From the Summer 2011 issue of RA Magazine, issued quarterly to Friends of the RA.
As you approach the studio-home of sculptor Stephen Cox RA, an old farmhouse not far from Ludlow, you make a steady ascent up Clee Hill. This high peak, made famous in A.E. Housman’s poem, A Shropshire Lad, in the line “From Clee to heaven the beacon burns”, still shows signs of its Iron Age past. As you climb, depending on the weather, a panorama of the Welsh Marches unfurls: Snowdonia to the west, the Peak District to the north and, further around, the Cotswolds, the Malvern Hills and the Black Mountains.
This view is not, as Cox might have thought when he and his curator wife Judy moved there from London in 2002, merely of scenic interest. Had he but realised, Cox had chosen an area of the British Isles whose geology precisely matched one of the materials he had used in his own work. The carboniferous rock called dhustone or dolerite, a feature of this area of the West Midlands, was the exact type that he had spent years travelling across the globe, specifically to India, to explore in his sculpture.
The story doesn’t end there. “When we first moved here, I became fascinated by the Mappa Mundi,” Cox says, referring to the famous 13th-century world map on display in nearby Hereford Cathedral. Ideas of art as a metaphor for religious belief, at its least dogmatic, are a constant theme in Cox’s work.
“It was extraordinary to realise that Clee is one of eight British sites marked, and the only hill shown in England.” Better known landmarks on the Mappa Mundi include Noah’s Ark, the Red Sea and Jerusalem. Uniting his various obsessions, Cox set to work on a major sculpture called Clee Hill (2004). “It’s made in dolerite and weighs 25 tons. It was the main work in a show called… Mappa Mundi.”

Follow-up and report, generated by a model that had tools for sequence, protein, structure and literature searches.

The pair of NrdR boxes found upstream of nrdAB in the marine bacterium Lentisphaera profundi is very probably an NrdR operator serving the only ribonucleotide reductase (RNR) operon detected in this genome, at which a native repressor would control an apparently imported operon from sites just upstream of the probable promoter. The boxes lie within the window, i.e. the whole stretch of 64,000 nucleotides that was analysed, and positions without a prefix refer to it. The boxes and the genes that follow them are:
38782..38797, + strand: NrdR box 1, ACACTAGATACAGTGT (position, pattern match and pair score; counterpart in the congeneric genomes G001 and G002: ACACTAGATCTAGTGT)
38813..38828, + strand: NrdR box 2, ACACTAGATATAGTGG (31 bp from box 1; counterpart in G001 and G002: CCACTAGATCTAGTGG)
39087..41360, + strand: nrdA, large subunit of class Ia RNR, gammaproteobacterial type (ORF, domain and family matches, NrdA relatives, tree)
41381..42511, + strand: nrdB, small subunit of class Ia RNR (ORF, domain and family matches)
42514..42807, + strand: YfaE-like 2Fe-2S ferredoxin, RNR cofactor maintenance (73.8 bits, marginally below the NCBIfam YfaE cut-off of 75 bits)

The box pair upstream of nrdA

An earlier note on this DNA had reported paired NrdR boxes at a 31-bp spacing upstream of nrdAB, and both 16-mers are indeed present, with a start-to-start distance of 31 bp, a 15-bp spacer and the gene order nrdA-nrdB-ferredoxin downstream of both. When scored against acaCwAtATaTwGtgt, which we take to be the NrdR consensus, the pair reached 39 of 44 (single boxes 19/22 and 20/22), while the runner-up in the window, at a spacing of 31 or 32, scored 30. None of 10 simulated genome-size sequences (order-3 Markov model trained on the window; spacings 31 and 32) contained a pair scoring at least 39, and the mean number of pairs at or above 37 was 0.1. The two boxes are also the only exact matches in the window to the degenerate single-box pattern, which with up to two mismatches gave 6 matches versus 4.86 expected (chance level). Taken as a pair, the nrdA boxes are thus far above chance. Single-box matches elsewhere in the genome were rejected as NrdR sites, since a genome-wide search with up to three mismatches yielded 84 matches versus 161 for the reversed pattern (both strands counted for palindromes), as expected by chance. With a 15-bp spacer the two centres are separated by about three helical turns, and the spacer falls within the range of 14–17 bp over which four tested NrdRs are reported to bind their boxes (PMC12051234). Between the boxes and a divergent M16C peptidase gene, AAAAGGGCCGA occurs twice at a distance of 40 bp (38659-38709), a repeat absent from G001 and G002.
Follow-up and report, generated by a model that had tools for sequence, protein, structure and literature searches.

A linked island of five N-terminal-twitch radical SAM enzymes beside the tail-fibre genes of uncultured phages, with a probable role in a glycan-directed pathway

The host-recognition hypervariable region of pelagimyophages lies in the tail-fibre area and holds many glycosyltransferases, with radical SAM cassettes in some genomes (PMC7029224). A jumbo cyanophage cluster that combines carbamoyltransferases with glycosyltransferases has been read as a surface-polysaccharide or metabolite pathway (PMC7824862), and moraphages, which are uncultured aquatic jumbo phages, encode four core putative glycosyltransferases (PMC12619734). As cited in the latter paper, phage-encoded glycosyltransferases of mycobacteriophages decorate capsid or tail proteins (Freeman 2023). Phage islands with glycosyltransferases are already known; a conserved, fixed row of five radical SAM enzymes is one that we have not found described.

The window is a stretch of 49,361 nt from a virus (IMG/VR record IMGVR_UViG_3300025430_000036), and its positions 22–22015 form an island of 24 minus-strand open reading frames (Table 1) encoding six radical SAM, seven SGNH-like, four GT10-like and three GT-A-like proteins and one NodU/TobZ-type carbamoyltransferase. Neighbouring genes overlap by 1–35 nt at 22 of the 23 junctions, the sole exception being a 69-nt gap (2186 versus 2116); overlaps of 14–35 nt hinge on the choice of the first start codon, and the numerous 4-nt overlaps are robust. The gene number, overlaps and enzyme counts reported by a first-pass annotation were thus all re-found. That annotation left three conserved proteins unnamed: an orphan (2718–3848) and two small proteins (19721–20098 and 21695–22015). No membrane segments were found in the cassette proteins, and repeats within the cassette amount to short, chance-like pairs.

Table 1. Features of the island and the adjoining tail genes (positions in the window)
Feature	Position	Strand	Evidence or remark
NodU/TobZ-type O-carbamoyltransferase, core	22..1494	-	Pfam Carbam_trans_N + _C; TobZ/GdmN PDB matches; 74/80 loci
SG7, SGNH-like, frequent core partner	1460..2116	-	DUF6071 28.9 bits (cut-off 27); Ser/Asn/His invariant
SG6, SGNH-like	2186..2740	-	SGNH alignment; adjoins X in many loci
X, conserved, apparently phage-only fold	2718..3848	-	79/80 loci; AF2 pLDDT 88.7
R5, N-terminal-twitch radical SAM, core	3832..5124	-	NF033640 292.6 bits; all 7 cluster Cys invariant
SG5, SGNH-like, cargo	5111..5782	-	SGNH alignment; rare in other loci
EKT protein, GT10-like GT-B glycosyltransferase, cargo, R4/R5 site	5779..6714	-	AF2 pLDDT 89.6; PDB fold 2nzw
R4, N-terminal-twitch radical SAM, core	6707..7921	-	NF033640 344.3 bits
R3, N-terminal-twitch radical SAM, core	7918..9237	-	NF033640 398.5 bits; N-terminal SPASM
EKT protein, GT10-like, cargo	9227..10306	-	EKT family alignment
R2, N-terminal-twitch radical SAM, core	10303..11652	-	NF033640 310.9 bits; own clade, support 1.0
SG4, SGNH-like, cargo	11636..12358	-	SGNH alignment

Cox clearly delights in this creative clash of serendipity and intention. In his drawing studio, a former wattle-and-daub granary, you see that the fascination endures. Two large drawings dominate, showing a cluster of protuberances, like grapes, packed close. “Yes, those are sketches for Clee Hill but they’re also reminiscent of the elephantine, rocky outcrops in South India, where I have spent so much time.”
This studio is always, symbolically, the starting point for Cox, with “the battening up of boards to the wall to attach that first drawing”. At home he does everything himself. His ‘storage system’ includes dozens of recycled plastic bottles labelled ‘Nuts’, ‘Bolts’, ‘Allen keys’ and the like. In India, he collaborates with traditional temple carvers, while in Egypt and Italy, his other regular locations, he has teams of skilled machine operators working to his instruction.
Examples of his timeless, monolithic, contemplative work, in tondos or torsos, hewn from black granite, travertine marble, cream alabaster, plum porphyry, or gravelly, tutti-frutti breccia, can be seen around the former farmyard. He is not a sculptor who builds up his forms, and rarely uses the process of casting. Instead he carves, cuts, saws and grinds down his material, taking advantage of the latest stone-cutting machines available, as well as hand tools. Technology and tradition meet head on in his work.